Michael Gordon

Michael Gordon. Photo by Peter Serling.

Michael Gordon’s compositions demonstrate a singular exploration of rhythm, juxtaposing and overlapping complex patterns to create what has been called “a glorious confusion.” His work also employs microtonality and electronic processing, and often draws inspiration from popular culture. Gordon’s interest in adding dimensionality to the concert experience has led to frequent collaborations with filmmaker Bill Morrison, including two critically-acclaimed interdisciplinary works: Decasia and Gotham. In Decasia, the audience stands in the middle of a three-tiered, triangular structure surrounded by 55 musicians and large projection scrims. Gotham combines large sonic textures with Morrison’s film made from vintage footage of New York City. Gordon’s work for musical theater has involved collaboration with directors Richard Foreman and Francois Girard for pieces premiered at the REDCAT Theater in Los Angeles, Oper Aachen, and Next Wave Festival at BAM. His music has been commissioned and/or performed by Los Angeles Philharmonic , Jonathon Nott and the Bamberger Symphony, Kronos Quartet, cellist Maya Beiser, Alarm Will Sound, Ensemble Resonanz, and Icebreaker, and has been featured by a wide spectrum of dance companies including the Royal Ballet, the Stuttgart Ballet, Wayne McGregor/Random Dance Company, and Emio Greco/PC. Gordon is also a co-founder of Bang on a Can, an international organization dedicated to the support of experimental music since 1987.

Gordon joined fellow Bang on a Can founders David Lang and Julia Wolfe for a symposium at The Pew Center for Arts & Heritage in June 2009. The three composers spoke about their work as composers, impresarios, and entrepreneurs, and shared recorded examples of their music. Together, they also curated the first Philadelphia iteration of the Bang on a Can marathon, funded by the Center and presented by FringeArts in September 2010.


Meg Foley presents an exhibition of improvisational research and performance documenting up to 750 dances, which Foley performs on a daily basis at 3:15pm.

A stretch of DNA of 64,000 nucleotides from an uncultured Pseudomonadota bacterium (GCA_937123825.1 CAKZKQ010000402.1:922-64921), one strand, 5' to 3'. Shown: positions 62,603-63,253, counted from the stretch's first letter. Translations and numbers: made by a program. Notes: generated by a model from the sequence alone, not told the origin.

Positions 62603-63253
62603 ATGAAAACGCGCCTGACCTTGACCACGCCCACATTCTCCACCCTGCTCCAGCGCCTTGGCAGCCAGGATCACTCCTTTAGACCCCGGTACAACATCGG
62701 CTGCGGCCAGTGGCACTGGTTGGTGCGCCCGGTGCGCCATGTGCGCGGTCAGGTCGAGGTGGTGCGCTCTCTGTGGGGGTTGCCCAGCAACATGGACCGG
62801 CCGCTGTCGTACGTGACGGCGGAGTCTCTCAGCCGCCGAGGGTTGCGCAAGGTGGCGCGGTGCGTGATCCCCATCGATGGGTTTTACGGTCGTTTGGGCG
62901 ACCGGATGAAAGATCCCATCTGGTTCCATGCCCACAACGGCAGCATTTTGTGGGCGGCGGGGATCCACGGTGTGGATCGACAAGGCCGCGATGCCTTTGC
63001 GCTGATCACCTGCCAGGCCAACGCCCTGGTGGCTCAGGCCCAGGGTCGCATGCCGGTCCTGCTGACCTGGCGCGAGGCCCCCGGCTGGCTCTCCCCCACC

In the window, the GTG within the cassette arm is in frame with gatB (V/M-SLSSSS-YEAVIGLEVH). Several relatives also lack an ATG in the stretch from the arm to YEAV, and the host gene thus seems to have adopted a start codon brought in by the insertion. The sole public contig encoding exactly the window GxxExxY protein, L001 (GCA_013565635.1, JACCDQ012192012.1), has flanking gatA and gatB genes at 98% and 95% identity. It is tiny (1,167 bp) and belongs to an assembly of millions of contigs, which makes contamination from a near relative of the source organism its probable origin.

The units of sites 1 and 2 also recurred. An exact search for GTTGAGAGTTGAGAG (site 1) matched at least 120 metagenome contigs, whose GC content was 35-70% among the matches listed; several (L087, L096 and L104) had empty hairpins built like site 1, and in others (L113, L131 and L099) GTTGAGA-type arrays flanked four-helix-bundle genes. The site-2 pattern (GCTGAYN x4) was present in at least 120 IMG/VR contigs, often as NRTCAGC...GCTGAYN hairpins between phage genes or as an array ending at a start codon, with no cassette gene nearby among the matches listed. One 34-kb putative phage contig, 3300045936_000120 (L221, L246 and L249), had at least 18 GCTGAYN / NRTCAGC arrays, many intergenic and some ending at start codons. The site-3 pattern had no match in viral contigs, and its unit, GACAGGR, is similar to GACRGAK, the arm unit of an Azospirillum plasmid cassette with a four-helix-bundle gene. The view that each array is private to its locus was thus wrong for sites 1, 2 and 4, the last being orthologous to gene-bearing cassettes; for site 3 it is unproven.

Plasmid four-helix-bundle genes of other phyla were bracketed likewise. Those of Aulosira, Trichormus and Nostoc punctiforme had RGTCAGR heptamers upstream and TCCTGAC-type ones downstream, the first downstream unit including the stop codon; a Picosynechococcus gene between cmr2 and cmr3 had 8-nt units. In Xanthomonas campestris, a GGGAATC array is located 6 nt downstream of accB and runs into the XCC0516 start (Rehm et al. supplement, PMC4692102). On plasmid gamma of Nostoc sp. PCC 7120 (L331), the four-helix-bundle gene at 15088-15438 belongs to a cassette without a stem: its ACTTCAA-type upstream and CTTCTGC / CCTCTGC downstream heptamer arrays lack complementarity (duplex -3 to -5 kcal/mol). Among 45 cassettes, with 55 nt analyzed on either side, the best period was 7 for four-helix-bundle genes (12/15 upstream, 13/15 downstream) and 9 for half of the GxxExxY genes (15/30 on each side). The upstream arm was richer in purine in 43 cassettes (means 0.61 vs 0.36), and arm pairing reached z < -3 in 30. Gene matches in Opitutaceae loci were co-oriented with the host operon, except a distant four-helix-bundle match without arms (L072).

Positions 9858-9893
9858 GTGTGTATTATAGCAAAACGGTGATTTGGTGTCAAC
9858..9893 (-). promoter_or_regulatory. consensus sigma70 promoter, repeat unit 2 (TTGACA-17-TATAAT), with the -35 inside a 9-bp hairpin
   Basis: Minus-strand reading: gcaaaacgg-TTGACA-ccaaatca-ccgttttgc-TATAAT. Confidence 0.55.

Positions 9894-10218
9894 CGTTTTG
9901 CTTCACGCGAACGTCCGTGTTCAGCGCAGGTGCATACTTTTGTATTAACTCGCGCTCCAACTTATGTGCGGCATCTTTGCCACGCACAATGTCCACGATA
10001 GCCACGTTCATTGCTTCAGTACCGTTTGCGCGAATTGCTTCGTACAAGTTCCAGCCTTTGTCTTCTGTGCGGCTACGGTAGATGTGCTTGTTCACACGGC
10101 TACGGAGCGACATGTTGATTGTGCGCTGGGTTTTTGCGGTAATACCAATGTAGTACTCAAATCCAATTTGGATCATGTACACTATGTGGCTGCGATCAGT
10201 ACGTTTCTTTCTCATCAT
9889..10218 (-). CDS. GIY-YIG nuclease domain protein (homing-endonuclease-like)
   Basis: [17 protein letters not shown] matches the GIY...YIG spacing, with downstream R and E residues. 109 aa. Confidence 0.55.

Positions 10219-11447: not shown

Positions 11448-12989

Grants & Grantees

A two-part concert program, with a live talk show hosted by Live from Lincoln Center’s Fred Child and an accompanying studio recording, will offer a renewed perspective on the artistic legacy of baroque composer Georg Philipp Telemann.

In 2017, the Center marks the 25th anniversary of the Pew Fellowships in the Arts with a commemorative website highlighting a quarter-century of support to artists.

Anna Drozdowski, a curator of performance, hosts European duo Jonathan Burrows and Matteo Fargion for a two-week retrospective of their collaborative career. The two juxtapose the formality of music composition with a radical and open approach to performance, composition and audience.

Zydeco Crossroads: A Tale of Two Cities is an 87-minute documentary that highlights the current state of the Creole music scene in and around Lafayette, Louisiana.

Collaborators & Colleagues

Francesca Herndon-Consagra is the senior curator of prints and drawings and European paintings at the Blanton Museum of Art, University of Texas at Austin.

Grants & Grantees

Afaa Michael Weaver is a poet and a 1998 Pew Fellow.

Historical musicologist David Gutkin explores various forms of musical notation and the variable re-performances they can encourage.

Grants & Grantees

Nicole Cousineau (Pew Fellow, 2007) makes multimedia dance theater based in strong, rigorous movement investigation.

Grants & Grantees

The world premiere of composer Ludwig’s song cycle for soprano, presented by the Philadelphia Chamber Music Society, will channel the voice and inner life of an imagined medieval “anchoress,” bridging Renaissance and contemporary musical languages.

Grants & Grantees

Crossroads Music organizes public performances by accomplished musicians with roots in cultures from around the world.

Finding a “form to contain [the mess]” is one way that 2013 Pew Fellow Jenn McCreary describes her motivation for writing poetry. An avid note-taker, she tasks herself to find forms for disparate ideas.